Paper No. 7
Presentation Time: 3:15 PM


LAMBERT, Lance L., Geological Sciences, Univ of Texas At San Antonio, One UTSA Circle, San Antonio, TX 78249,

The International Chronostratigraphic Chart and its boundary definitions based on GSSPs has had both broad conceptual impact on North American chronostratigraphy, and specific operational impacts of varying degree depending on the chronostratigraphic unit concerned. For the Late Paleozoic, the associated research has emphasized the paleogeographic location of what is currently North America on what was then the western extremity of Pangea. Numerous paleobiogeographic relationships from this setting have impacted the GSSP selection process and, from a counter perspective, the GSSP process has improved understanding of these relationships.

The degree of variance between North American regional and international chronostratigraphic definitions often reflects the ecological station of the taxa used to define regional concepts, which in turn reflects the degree of their endemism. Open marine, pelagic or nektonic organisms provide more reliable correlation potential any time when there is no circumequitorial ocean to provide rapid dispersal for shallower settings.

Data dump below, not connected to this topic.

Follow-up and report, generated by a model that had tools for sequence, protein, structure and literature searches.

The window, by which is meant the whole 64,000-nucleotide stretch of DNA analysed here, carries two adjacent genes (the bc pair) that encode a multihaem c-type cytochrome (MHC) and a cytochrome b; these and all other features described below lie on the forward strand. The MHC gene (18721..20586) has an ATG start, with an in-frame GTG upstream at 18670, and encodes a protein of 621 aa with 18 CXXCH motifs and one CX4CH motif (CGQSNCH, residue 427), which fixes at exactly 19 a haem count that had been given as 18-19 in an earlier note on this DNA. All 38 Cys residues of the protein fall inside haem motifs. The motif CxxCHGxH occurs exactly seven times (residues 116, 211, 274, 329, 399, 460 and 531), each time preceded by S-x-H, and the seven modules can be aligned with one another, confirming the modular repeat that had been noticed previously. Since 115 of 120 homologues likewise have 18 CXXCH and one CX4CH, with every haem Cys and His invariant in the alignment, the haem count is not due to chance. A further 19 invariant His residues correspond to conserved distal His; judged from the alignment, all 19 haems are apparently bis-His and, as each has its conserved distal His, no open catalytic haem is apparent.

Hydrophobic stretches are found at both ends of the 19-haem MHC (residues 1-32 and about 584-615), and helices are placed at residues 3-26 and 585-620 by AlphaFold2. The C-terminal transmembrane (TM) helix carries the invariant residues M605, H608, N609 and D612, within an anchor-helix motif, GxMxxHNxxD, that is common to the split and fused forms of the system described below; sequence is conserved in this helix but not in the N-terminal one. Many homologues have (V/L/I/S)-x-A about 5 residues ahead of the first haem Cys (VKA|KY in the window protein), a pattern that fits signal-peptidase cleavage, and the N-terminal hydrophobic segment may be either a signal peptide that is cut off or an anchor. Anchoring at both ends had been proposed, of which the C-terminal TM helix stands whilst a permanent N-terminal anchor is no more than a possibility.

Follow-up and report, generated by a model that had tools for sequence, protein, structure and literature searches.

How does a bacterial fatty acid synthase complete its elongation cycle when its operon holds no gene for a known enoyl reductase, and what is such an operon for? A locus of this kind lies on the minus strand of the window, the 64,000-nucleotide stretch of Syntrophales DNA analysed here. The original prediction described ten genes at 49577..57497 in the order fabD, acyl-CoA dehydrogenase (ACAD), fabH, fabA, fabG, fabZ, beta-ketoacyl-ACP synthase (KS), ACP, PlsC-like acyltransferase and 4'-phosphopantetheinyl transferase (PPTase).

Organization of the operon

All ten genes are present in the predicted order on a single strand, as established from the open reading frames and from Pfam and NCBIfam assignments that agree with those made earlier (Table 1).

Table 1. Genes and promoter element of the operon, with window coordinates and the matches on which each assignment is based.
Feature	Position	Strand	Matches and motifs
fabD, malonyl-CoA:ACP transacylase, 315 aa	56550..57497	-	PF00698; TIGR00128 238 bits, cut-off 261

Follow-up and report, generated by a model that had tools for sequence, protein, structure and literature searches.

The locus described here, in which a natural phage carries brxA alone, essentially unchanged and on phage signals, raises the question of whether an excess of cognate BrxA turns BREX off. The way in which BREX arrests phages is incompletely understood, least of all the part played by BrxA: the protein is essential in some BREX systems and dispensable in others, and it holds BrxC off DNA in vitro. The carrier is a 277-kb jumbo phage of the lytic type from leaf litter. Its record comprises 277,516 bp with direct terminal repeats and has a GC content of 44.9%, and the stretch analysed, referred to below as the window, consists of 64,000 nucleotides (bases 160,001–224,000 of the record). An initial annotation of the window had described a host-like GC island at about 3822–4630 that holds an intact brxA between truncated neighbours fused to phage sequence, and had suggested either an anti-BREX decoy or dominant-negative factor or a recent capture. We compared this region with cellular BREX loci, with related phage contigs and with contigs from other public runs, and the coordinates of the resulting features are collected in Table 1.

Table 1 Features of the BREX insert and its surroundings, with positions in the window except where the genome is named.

Examples of these impacts are demonstrated by contrasting mid-Upper Carboniferous (mid-Pennsylvanian) and Middle Permian GSSP deliberations in relation to the standard North American regional concepts. North American chronostratigraphic units in the Pennsylvanian are based on Andean Realm fusulinid zones and scattered midcontinent reference sections of variable quality. Although excellent for regional correlation in shallower water carbonates, fusulinids have always lacked precision in stage boundary intervals, and the zonal concepts have consistently trumped rock succession in the corresponding reference sections. Cyclic stratigraphy has proven more useful for international correlation. North American regional chronostratigraphic units in the Permian are based on ammonoid zones that were developed with consideration of international correlation, and are tied directly into the stratigraphy of a single basin in west Texas. Ironically, the switch to international standards based on GSSPs has been more readily accepted by Pennsylvanian workers—despite considerable change, than by some Permian workers—in which change has been much less dramatic, with only a shift from ammonoid to conodont zonal boundary definitions.